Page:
This means that the buyer’s brokerage commission is not dictated by free market forces when the price of a service equals the value of the service. Instead, it is determined by how high the buyer’s commission is in the respective market. This notion of a common price exists because most sellers either from experience or from their brokerage agents know that offering a lower brokerage commission to the buyer would encourage brokers to illegally distract their customers from their offers and towards properties with higher commissions .

The declining commission data referenced by Oppler emphatically supports this characterization of real estate commissions. According to industry news site RealTrends, the average national commission rate has fallen from 5.40% in 2012 to 4.90% to 4.94% in 2020. (For simplicity we assume it is 4.90%.)

However, as explained above, we have to split the total commission into the broker’s commission and the buyer’s commission. According to a Redfin study, the average brokerage commission fell only slightly from 2.8% in 2012 to 2.7% in 2020. It can be deduced from this that the average brokerage commission fell from 2.6% to 2.2% during this period – four times the decrease in the buyer’s average brokerage commission.

It should come as no surprise that the average brokerage commission has dropped significantly over this period. First, the number of active brokers increased by 46% from nearly one million to nearly 1.5 million between 2012 and 2020. It is to be expected that this increasing competition will put pressure on commissions. Second, the average home sale price rose 23% (adjusted for inflation) over this eight year period, more than offsetting the decline in average listing commission. Finally, the increasing adoption of technological tools such as electronic signature software has helped streamline the process.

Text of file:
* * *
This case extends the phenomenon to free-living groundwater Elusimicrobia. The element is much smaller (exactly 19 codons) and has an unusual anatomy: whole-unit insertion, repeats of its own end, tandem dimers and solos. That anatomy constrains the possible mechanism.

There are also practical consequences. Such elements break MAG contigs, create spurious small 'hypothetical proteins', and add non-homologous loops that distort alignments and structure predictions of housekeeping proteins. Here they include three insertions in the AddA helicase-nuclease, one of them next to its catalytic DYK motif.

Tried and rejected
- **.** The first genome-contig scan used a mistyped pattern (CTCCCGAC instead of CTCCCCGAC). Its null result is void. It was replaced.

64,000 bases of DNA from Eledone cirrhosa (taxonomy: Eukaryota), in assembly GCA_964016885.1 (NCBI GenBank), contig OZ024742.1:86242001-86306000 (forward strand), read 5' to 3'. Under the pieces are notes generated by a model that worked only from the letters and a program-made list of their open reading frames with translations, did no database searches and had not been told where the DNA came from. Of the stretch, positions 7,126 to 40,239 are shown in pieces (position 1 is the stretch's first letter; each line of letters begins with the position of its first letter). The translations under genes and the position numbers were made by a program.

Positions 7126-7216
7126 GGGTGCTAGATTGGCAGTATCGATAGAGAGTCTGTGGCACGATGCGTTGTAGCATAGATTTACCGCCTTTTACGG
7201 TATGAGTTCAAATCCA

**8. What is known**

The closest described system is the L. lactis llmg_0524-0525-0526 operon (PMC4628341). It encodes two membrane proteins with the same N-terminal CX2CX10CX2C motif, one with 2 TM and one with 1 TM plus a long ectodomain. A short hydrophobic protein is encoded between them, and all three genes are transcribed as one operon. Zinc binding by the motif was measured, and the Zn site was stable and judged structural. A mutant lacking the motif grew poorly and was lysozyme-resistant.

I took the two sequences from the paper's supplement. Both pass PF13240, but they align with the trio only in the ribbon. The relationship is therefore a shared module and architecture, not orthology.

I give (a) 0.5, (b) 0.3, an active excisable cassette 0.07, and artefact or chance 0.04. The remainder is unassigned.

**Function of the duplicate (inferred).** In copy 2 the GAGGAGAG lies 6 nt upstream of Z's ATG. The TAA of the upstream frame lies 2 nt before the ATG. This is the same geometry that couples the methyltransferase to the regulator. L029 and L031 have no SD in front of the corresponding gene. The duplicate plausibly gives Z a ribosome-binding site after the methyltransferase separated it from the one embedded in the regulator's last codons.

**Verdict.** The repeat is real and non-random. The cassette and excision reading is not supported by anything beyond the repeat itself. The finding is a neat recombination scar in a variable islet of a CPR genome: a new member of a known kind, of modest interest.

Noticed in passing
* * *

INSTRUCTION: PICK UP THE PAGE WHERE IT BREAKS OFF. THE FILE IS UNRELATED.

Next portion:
Therefore, the sharp drop in the average brokerage commission is an indication that free market forces are at play on the listing side. If this were the case on the buy side, we would expect a similar decline in the buyer’s average brokerage commission as the trends described above affect both sides of the deal. On the buy side, the decline is even more dramatic as buyers increasingly find their new homes on real estate websites like Zillow and realtor.com.

The fact that the buyer’s average brokerage fee has changed little since 2012 therefore supports the argument that the buyer’s brokerage fee is dictated by an arbitrary rate rather than free market forces.

Will Fried is a data scientist at REX.

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Fall Real Estate: Tri-Valley market shifting as 2021 comes to an end | News

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Tired homebuyers looking for a break can look forward to something in Pleasanton in 2022.

Buyer behavior changed in the second half of 2021 and is likely to continue into next year, said Tina Hand, 2021 president of the Bay East Association of Realtors.

“In general, homebuyers find less competition when they bid on real estate,” said Hand. “Many buyers are still a bit tired; they have been on the market for a long time and have been much outbid.”